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THE NEW YORK PUBLE LERARY

809510 A ASTOR, LENOX AND TILDƏN FOUNDATIONS

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ENGLISH INSTRUCTOR.

SELECT SENTENCES.

We are complaining that our days are few, and acting as if there would be no end of them".

Let not your expectations from the years that are to come, rise too high.

When our vices leave us, we flatter ourselves that we leave them.

Some things are wanting to poverty; but all things are wanting to avarice.

To err is human; to forgive, divine.

The prodigal robs his heir; the miser robs himself.

Do nothing in thy passion; why wilt thou put to sea in the violence of a storm?

No revenge is more heroic than that which torments envy by doing good 4.

1 As if......, comme s'ils ne devaient point avoir de fin._2 That, de, avec l'infinitif.3 No revenge is, il n'est pas de vengeance.—By doing good, par une con

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By taking revenge, a man is but even with bis enemy; by passing it over, he is superior 6.

None more impatiently suffer injuries, than those that are most forward in doing? them,

A wise man will desire no more than what he may get justly, use soberly, distribute cheerfully, and live on contentedly

Ingratitude is crime so shameful, that the man was never yet found, who would acknowledge himself guilty of it.

It is ungenerous to give a man occasion to blush at'o his own ignorance in one thing, who perhaps may excel us in many".

The coin that is most current among mankind is flattery; the only benefit of which is, that by hearing what we are not, we may be instructed what we

ought to be. Wherever I find a great deal of gratitude in a

duite honorable.— 5 By taking revenge, en assouvissant sa vengeance.- Sous-ent. to his enemy.— 7 Most forward in doing, qui rougit le moins de faire.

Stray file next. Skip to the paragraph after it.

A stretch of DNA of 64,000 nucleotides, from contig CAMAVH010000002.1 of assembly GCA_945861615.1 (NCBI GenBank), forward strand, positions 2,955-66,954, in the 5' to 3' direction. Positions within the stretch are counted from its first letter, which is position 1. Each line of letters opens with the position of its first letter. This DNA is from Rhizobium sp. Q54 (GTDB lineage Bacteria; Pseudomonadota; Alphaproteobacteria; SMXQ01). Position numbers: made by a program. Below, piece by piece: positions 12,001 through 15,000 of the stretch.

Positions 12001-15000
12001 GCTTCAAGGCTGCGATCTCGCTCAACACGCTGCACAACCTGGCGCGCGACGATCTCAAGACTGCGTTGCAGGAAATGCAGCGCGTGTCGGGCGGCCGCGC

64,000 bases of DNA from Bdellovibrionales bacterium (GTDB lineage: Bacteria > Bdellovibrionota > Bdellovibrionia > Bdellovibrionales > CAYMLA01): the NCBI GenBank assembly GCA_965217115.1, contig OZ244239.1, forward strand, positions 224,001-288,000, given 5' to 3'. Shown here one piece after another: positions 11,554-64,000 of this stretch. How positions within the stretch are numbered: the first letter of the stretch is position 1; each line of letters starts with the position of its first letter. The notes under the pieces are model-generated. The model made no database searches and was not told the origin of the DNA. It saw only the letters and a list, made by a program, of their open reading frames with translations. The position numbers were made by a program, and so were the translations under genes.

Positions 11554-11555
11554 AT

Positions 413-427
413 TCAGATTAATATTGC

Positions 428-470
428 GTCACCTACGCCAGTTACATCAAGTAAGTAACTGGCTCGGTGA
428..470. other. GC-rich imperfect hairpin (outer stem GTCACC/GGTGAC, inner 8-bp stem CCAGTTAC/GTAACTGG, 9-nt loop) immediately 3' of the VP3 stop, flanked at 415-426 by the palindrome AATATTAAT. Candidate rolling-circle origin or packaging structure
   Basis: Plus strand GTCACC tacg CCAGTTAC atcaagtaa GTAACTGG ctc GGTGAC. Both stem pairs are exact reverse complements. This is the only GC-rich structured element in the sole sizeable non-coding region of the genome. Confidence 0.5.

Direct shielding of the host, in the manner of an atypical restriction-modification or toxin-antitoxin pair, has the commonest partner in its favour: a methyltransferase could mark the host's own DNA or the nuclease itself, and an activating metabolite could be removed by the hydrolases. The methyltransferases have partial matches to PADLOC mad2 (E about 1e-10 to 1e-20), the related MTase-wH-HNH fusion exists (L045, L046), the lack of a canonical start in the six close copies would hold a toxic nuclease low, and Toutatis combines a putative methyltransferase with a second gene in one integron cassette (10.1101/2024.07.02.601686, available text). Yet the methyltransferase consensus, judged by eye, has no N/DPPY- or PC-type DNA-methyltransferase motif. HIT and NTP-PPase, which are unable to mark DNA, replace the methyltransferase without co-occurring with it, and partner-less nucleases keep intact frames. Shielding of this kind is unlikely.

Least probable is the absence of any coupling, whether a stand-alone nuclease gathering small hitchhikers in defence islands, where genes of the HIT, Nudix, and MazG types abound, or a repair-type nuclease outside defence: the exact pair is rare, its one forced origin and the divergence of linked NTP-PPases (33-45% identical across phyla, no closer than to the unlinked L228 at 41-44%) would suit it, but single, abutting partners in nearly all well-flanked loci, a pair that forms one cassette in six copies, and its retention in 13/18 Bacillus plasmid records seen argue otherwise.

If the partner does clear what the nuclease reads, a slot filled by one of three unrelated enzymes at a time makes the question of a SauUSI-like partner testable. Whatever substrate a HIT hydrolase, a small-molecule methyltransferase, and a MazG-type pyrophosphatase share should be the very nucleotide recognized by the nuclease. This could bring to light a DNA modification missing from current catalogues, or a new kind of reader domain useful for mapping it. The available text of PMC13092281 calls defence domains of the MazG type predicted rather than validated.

Anglicisme dont la traduction littérale est celle-ci : et cela avec quoi il peut vivre content. ' Construisez : the man, who would....., was never yet found.10. To give one occasion to blush at, faire rougir quelqu'un de.- 14 Sous-ent. things.- 12 Instructed

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poor man, I take it for granted '3 there would be as much generosity'4, if he were a rich man "5.

A man should never be ashamed to own he has been in the wrong ; which is but saying in other words "), that he is wiser to-day than he was yesterday

Forsake not an old friend, for the new is not comparable to him: a new friend is as new wine; when it is old18, thou shalt drink it with pleasure.

Men and statues that we admired in an elevated situation, have '9 a different effect upon us, when we approach them; the first appear less than we imagined them, the last bigger.

It happens to ao men of learning as to ears of. corn; they shoot up and raise their beads high while they are empty; but when a full and swelled with grain, they begin to flag and droop.

What sculpture is to a block of marble, edu. cation is to human soul. The philosopher, the saint, the hero, the wise, the good or the great

what, instruits de ce que.—13 I take it for granted, je suppose que.—14 Sous-ent. in him.-15 If he were a rich man, s'il était riche. 16 Sous-ent. that.17 Which is...., ce n'est que dire en d'autres termes -18 Traduisez

par le futur.–19 Have, produisent.20 It happens to, il en est de.—21 But when, mais

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often lie hid and concealed in a plebeian, which a proper education might have 22 disinterred and brought to light.

A man writes very often much better than he lives : he proposes his schemes of life in a state of abstraction and disengagement, exempt from the enticements of hope, the solicitations of affections, the importunities of appetite or the depressions of fear; and is in the same state with him 23,

23, who teaches upon land the art of navigation , to whom the sea is always smooth, and the w nd always prosperous.

une fois.-22 Might have, aurait pu, suivi de l'infinitif. -23 With him, que celai.

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